Deputy mayor Mongameli Bobani has apologised for his behaviour during a heated human resources meeting, according to Nelson Mandela Bay mayor Athol Trollip.
However, Bobani has refused to confirm this.
Trollip released a statement yesterday following a report in the Sunday Times on how a meeting over the appointment of a director of public health had become heated.
But asked to comment yesterday, Bobani said: “The alleged apology is a statement I have not seen or had an opportunity to discuss with the mayor before it was issued.”
He said he needed to establish the facts, context and authenticity of Trollip’s statement before commenting further.
In a leaked recording of the meeting, Bobani can be heard advocating for the appointment of his strategic adviser, Nombeko Nkomane, as the new director of public health. His clash is with city manager Johann Mettler and director of corporate affairs Vuyo Zitumane.
Bobani insists in the meeting that Nkomane is the most qualified candidate for the post.
“The advert is clear, preference will be given to females, African,” he is heard saying.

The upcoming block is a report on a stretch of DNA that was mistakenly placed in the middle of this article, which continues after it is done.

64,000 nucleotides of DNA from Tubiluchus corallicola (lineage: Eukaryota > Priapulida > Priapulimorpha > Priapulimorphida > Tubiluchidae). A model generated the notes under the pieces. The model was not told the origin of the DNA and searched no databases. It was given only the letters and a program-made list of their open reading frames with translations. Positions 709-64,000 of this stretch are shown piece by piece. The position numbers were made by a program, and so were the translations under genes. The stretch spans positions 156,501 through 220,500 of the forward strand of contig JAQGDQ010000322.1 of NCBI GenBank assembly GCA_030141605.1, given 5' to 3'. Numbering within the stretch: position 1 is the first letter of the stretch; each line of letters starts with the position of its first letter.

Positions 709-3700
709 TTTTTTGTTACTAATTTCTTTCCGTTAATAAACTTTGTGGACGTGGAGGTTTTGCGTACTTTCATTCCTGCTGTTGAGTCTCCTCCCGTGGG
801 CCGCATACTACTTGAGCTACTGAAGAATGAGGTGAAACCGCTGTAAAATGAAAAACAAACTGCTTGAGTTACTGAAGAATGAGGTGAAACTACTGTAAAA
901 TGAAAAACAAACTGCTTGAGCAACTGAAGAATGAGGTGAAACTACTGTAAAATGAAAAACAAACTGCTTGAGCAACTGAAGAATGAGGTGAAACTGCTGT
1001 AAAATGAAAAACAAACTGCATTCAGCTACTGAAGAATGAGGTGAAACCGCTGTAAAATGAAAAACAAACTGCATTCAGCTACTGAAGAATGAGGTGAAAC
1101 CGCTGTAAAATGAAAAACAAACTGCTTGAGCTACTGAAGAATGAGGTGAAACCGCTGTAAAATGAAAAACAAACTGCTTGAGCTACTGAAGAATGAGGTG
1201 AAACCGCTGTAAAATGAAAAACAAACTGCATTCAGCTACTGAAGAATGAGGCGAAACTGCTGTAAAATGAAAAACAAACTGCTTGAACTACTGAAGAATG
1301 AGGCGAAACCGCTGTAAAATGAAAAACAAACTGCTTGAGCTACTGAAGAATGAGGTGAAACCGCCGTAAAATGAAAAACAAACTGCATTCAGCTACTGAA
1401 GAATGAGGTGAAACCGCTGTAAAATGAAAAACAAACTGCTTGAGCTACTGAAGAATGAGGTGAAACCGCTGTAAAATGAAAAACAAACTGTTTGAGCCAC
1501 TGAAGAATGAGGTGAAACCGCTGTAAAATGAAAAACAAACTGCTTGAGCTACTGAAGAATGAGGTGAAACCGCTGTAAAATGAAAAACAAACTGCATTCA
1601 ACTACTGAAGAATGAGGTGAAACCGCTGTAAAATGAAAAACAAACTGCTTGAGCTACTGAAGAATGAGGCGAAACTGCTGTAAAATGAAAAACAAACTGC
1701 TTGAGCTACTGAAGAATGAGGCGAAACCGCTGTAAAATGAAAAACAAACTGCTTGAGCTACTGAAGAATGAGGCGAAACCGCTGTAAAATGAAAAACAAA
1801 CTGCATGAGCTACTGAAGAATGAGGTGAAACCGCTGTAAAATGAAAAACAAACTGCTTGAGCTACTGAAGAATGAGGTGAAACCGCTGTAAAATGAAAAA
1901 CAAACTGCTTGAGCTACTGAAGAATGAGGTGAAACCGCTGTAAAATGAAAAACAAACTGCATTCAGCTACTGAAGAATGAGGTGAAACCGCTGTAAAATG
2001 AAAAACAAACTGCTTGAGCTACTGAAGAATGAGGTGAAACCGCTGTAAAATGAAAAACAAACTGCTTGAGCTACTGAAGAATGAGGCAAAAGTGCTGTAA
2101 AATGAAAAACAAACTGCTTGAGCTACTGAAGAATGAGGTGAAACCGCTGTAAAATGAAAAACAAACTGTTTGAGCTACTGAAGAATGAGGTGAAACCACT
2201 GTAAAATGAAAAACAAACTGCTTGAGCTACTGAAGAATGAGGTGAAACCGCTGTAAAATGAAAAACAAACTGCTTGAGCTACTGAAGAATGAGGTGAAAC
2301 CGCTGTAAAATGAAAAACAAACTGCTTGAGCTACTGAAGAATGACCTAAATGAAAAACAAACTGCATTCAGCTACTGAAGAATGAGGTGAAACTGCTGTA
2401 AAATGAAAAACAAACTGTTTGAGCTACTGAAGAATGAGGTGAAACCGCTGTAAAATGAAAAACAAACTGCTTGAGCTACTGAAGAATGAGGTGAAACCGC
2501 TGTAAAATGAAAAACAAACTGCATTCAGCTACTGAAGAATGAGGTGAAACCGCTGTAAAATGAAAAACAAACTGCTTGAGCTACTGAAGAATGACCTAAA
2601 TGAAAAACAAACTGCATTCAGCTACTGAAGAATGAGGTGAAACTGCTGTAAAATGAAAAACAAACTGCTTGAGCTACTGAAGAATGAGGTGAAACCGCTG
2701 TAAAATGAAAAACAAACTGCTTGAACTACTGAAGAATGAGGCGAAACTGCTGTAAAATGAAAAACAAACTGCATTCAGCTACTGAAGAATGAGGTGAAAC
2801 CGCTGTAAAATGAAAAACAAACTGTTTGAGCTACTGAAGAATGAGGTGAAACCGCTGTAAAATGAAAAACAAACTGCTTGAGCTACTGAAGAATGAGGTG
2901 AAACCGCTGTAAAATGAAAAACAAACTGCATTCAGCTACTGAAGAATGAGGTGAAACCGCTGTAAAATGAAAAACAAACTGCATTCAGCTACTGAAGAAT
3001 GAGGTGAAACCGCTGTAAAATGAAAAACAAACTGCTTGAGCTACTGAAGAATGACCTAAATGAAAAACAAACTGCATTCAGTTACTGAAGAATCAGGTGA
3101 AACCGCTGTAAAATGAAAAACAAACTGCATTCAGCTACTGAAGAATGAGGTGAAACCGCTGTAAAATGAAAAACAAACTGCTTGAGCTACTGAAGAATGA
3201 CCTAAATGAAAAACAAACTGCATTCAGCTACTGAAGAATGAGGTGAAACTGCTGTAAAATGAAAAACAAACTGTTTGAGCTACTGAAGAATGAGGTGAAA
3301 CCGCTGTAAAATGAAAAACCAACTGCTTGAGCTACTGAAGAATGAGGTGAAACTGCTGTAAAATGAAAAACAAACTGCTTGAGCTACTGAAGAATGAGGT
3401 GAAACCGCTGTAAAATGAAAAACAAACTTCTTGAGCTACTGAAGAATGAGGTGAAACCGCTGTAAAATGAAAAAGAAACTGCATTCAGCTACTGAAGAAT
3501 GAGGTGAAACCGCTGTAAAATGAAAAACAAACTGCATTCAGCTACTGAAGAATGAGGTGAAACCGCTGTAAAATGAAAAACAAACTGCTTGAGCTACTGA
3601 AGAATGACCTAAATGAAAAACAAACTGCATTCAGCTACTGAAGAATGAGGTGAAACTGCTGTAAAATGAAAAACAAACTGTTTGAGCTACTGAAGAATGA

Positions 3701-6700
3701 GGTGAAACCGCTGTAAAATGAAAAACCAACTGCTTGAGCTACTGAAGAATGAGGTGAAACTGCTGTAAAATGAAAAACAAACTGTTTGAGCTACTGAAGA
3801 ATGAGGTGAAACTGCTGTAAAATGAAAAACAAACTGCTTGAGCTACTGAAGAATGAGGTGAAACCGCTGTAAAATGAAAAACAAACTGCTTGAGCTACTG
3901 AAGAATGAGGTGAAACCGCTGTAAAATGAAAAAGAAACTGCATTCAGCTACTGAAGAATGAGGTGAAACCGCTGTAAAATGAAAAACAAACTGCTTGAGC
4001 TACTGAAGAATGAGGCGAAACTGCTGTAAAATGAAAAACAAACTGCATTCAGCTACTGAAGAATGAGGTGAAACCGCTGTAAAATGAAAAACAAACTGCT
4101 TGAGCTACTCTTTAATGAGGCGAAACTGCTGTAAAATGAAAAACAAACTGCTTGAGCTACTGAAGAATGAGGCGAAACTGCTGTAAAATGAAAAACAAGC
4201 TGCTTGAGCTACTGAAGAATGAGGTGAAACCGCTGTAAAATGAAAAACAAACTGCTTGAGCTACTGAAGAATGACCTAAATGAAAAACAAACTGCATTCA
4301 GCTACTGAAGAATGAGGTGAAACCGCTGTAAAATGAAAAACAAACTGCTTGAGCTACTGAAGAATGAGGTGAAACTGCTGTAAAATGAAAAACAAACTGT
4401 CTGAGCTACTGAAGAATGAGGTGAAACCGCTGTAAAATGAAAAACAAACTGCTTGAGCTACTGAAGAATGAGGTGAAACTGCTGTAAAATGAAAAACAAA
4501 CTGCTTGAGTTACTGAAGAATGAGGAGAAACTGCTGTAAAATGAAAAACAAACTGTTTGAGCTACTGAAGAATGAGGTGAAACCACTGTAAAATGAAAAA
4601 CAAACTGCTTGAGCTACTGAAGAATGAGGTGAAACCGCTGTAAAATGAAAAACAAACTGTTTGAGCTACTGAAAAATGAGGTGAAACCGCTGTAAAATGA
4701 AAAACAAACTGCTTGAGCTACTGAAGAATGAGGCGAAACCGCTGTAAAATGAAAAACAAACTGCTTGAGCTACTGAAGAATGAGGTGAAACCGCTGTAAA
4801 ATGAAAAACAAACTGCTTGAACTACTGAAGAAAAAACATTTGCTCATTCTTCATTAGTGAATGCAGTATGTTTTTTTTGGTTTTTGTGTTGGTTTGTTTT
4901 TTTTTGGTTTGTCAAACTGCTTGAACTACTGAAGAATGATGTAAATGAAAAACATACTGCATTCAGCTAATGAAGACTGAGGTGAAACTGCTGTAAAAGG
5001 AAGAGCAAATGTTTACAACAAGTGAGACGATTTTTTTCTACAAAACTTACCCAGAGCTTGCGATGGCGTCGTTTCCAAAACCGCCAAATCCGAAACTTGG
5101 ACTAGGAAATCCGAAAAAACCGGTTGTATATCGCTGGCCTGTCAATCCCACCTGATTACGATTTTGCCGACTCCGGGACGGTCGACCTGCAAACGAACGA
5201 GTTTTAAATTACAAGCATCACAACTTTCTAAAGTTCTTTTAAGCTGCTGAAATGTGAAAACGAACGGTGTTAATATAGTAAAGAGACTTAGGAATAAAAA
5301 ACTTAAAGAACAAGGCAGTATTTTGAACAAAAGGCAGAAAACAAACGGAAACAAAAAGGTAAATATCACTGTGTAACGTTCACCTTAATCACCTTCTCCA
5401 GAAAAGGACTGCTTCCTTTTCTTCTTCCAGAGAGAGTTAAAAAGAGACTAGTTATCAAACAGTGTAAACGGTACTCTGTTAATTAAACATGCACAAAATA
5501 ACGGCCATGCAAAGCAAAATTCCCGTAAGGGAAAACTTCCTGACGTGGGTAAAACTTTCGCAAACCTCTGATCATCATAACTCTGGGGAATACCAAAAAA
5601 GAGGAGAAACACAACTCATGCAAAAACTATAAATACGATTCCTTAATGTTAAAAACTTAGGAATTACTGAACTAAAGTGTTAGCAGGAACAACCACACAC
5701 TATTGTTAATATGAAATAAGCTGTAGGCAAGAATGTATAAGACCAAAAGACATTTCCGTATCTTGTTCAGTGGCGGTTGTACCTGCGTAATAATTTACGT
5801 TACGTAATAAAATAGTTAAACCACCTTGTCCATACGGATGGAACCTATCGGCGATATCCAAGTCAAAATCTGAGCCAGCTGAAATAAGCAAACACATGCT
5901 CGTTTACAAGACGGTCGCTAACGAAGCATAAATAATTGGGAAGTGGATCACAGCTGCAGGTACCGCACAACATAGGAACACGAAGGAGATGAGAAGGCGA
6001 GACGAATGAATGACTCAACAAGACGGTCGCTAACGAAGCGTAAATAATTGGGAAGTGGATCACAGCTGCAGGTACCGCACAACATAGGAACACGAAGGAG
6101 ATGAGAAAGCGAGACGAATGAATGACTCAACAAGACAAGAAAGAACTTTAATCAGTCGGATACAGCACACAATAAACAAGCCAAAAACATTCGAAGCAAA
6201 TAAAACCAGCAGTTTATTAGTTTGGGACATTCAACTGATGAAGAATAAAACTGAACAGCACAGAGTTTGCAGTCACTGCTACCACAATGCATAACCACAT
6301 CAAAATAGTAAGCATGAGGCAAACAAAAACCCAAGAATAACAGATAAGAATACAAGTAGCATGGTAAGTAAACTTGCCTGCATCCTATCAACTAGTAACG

“So now why do we need the males when the female Africans are there?”
After Mettler says that Bobani has no sway in the matter, Bobani shouts: “I’ve got the power.”
He says Nkomane is more competent than both Mettler and Zitumane.
When Zitumane threatens to deal with Bobani, the exchange gets more heated.
“You must not act as if you’re the boss here! You are not my boss, I’m your boss! I’m the deputy executive mayor, I’ve been voted here,” Bobani yells. “Who the hell are you to tell me I’m not your boss . . . I’m your boss!”
Trollip said in the statement it was concerning that a recording of a confidential human resources meeting had been leaked to the media.
“The deputy executive mayor apologised for his actions at the . . . meeting, certain agreements were reached and commitments made, bringing the matter to a close,” Trollip said.
Trollip and Bobani were summoned to Cape Town last week by DA leader Mmusi Maimane and UDM leader Bantu Holomisa.
Trollip said it was likely there would be other occasions when the national leadership would be required to participate in meetings.
“This is an important part of coalition governance and often provides an important perspective on the prioritisation of key issues.”